Early on, Steinem admits:
Take public speaking: I spent all of my twenties and early thirties avoiding it....Then in the late 1960s and early 1970s, the editors I'd been freelancing for were gigantically uninterested in the explosion of feminism across the country. I finally got angry enough and desperate enough to partner with a woman who was much braver than I, and to travel to campuses and community groups. Over time and far from home, I discovered something I might never otherwise have learned: people in the same room understand and empathize with each other in a way that isn't possible on the page or screen.
Gradually, I became the last thing on earth I would ever have imagined: a public speaker and a gatherer of groups. And this brought an even bigger reward: public listening.Steinem, by now a stellar speaker and listener, uses this book to share the stories she's collected over the years. (One chapter winningly shares stories she's had from the thousands of taxicab drivers who have ferried her to airports all over the world.) Her introduction tells us she thinks our stories are important, too, saying, "If I could, I would leave an open space for your story on every page." And her stories show that she has been a fortunate witness to so much history, including the history of modern American public speaking. Among her many tales, she relates:
- Witnessing the March on Washington and Martin Luther King's "I Have a Dream" speech from the steps of the Lincoln Memorial, as a journalist, and marching alongside an older black woman who pointed out to her the absence of women speakers on the program. "Mrs. Greene's daughter rolled her eyes as her mother told me about complaining to her state delegation leader. He had countered that Marian Anderson and Mahalia Jackson were singing. Singing isn't speaking, she told him in no uncertain terms."
- How she partnered with Dorothy Pitman Hughes to speak jointly, a black woman and a white woman who wound up drawing more diverse and larger audiences as a result of their teamwork. There was a more practical rationale for the pairing: "we could each share our different but parallel experiences, and she could take over if I froze or flagged." It's still a great tactic today.
- So much wisdom about audiences, Q&A, and speaking up in public settings, based on Steinem's hundreds of lectures and appearances. "I've also noticed that, if an audience is half women and half men, women worry about the reaction of the men around them. But in one that is two-thirds women and one-third men, women respond as they would on their own, and men hear women speaking honestly." It's true as well, she says, when people of color are the majority in the audience. She covers handling hostile questions, and that magic moment where one audience member answers another's question, an excellent sign of engagement.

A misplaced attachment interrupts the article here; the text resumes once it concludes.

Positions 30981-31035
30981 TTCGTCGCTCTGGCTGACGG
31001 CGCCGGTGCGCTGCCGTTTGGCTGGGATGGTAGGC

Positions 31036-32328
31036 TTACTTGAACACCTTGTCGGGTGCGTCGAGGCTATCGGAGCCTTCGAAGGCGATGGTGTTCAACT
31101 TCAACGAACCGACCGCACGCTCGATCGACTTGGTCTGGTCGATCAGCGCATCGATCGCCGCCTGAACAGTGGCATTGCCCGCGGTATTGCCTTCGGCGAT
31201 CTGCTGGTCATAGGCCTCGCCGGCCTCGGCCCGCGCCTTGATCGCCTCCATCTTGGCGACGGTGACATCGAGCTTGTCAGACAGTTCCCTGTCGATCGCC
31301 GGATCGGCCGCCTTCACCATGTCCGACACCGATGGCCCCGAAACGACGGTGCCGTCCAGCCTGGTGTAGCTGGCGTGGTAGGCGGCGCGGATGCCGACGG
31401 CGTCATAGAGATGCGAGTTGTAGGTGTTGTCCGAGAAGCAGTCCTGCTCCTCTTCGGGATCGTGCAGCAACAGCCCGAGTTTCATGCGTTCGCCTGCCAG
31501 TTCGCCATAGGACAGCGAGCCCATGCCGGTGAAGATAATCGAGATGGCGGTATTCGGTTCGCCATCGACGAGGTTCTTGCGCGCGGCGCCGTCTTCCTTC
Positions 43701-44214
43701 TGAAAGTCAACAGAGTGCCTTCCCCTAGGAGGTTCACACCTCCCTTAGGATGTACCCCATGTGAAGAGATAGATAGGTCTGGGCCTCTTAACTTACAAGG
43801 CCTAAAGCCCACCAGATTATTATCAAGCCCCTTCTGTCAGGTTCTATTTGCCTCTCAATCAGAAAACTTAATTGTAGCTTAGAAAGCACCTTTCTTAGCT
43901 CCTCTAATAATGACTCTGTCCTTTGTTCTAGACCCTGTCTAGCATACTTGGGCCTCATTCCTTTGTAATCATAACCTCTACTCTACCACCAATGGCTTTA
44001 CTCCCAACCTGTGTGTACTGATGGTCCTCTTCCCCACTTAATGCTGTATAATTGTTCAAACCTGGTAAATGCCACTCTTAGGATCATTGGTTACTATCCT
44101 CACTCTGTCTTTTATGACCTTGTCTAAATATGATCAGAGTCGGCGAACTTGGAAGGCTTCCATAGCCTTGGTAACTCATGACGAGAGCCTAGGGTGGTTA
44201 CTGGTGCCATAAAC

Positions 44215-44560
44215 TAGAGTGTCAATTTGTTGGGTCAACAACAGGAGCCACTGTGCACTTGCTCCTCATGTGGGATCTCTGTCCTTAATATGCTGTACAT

- From a speechwriter's perspective, there are many gems, including time spent with Ted Sorensen, President Kennedy's speechwriter; participating in a frustrating meeting with presidential candidate and Senator Eugene McCarthy, who didn't want to give the speechwriters anything new and kept asking another aide to give them quotes he'd said before; and her own speechwriting for presidential candidate Shirley Chisholm for a key televised speech.
I've spoken in backyards to a dozen neighbors, at huge concerts of rock and grunge bands, at teas in quiet living rooms, on flatbed trucks with bullhorns, and on foot while door-to-door canvassing. Once the women's movement was really underway, we sometimes found ourselves speaking at marches in Washington of more than a million people. I recommend all these tasks, high and low.Women of all ages also will appreciate hearing the many, many times Steinem second-guessed herself, didn't speak up when discriminated against, and learned over time to respond and stand up for herself. These are great lessons from a great woman, and you'll enjoy hearing her stories.
(Photos: 1971 Esquire Magazine Image by Dan Wynn and 2014 Women Of Vision image by Dan Bagan, both of Steinem and Hughes, then and now)